His death was a catalyst for me to open my eyes and realize that none of us have a lot of time on this earth. I decided that I did not want to carry any thoughts of “I wish I had…” with me to the grave.

Recently, I came across a blog post about the five most common regrets people have about their lives when they are faced with death. Surprisingly, none involved wishing they’d worked harder to become a CEO or a millionaire, had more clothes and jewelry, or achieved celebrity status.

These people were on their last breaths when they finally understood the importance of enjoying life, love, and relationships and not being a slave to the workforce or someone else’s ideal of the “right” life choices.

So I ask the question again: What are you doing with your life now? Are you truly happy? Are you the person you always wanted to be or are you bogged down with stress and excuses and work?

Re-connect with those past desires, on whatever level, and create a better you and better relationships with those around you. Now, you don’t necessarily have to figuratively sell the farm to start over, but if that’s your inkling, go for it! Perhaps, instead, you just need a nugget of that lifestyle to bring you the happiness and serenity you crave.

When making your New Year’s resolutions this year, take time to evaluate what is truly important to you.
If you always loved art, take some classes on the side to express your creativity. If you still have that passion for nature, volunteer your time at a wildlife preserve. If you wanted to travel the world, maybe get a part-time job with an airline (worked for me!) If you wanted to be a good parent, see how you can eliminate unnecessary tasks and to-dos on your list that will open up more time to spend with your family. If you just wanted to grow up to be happy, make that choice. The brilliant thing is that it is yours to make every day.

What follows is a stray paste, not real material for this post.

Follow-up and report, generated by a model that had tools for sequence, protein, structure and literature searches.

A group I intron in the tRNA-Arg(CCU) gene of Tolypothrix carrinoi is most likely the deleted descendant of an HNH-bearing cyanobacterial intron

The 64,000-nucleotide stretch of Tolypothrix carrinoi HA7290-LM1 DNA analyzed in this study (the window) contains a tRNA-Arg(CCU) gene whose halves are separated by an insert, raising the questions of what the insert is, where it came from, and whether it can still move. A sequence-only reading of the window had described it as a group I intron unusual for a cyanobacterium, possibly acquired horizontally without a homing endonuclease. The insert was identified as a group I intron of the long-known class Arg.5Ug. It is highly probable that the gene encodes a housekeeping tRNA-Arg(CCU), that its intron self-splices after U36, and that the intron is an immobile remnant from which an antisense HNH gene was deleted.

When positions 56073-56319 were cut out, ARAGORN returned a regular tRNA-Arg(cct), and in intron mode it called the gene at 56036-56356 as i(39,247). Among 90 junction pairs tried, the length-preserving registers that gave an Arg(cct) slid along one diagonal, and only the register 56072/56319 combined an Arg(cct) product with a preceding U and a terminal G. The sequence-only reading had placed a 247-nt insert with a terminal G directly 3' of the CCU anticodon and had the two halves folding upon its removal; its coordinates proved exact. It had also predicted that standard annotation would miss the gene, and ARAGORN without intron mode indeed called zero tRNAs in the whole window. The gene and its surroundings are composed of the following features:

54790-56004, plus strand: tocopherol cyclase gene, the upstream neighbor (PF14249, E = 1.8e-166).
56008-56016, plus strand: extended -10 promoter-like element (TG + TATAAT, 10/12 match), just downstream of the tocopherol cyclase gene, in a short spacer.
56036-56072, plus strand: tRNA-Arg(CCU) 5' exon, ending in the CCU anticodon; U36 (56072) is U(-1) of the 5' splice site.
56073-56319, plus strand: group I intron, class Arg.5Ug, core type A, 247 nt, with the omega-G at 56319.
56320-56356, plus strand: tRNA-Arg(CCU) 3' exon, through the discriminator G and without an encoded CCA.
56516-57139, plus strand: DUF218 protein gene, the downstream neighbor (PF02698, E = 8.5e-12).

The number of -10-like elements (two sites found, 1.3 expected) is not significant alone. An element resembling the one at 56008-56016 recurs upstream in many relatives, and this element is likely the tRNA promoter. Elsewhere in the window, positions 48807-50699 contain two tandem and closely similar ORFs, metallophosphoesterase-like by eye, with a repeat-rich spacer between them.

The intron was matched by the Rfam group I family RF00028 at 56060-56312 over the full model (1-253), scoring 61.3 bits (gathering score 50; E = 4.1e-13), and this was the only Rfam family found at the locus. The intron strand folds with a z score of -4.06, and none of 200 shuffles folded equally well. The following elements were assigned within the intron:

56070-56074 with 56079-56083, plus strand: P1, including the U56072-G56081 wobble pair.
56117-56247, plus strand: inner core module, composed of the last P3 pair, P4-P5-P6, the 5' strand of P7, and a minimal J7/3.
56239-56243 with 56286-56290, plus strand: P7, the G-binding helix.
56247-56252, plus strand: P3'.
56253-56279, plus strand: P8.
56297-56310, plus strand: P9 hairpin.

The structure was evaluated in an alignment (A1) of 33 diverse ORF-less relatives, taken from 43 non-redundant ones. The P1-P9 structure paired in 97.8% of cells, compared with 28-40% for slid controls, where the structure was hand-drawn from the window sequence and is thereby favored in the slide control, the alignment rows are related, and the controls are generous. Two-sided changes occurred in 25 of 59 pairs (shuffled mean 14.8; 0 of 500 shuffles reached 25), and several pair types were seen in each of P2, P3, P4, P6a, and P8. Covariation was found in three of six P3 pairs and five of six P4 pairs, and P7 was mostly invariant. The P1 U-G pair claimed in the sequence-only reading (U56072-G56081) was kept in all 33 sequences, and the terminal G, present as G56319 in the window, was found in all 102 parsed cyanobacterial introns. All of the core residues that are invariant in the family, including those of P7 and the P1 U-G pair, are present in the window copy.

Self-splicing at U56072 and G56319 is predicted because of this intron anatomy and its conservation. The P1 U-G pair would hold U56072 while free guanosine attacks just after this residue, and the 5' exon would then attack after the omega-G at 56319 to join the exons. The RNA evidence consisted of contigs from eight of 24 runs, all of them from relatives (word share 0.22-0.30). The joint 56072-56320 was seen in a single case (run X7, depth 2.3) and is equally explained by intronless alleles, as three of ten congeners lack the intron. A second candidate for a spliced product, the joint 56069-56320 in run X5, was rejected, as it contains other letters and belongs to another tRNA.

Remember who you wanted to be and take the whatever steps necessary to make it happen. It’s never too late.

Tina Jett is a self-taught artist, photographer, and writer whose work reflects a view of life through humor and an awareness of the little things that make us truly happy. Explore Tina’s work in her Etsy shop, Scatterbox. Join her in the pursuit of a happier, simpler life through the e-zine, Spoon.

19 thoughts on “do you remember who you wanted to be?

  1. I loved this article. I feel really sad though, because I don’t remember who I wanted to be. I don’t think I ever knew. I hope I can figure it out soon.

  2. I too traded my paint brush in for a briefcase. Now I’ve got my paints back out and am opening a new chapter of creativity. It’s never too late to realize your dreams.

  3. initially I thought you meant “eat ice cream and be happy” was something you had seen on a bumper sticker. I really do need a bumper sticker that reads that…. Either which way wonderful AWESOME post. a perfect read for this New Years Eve.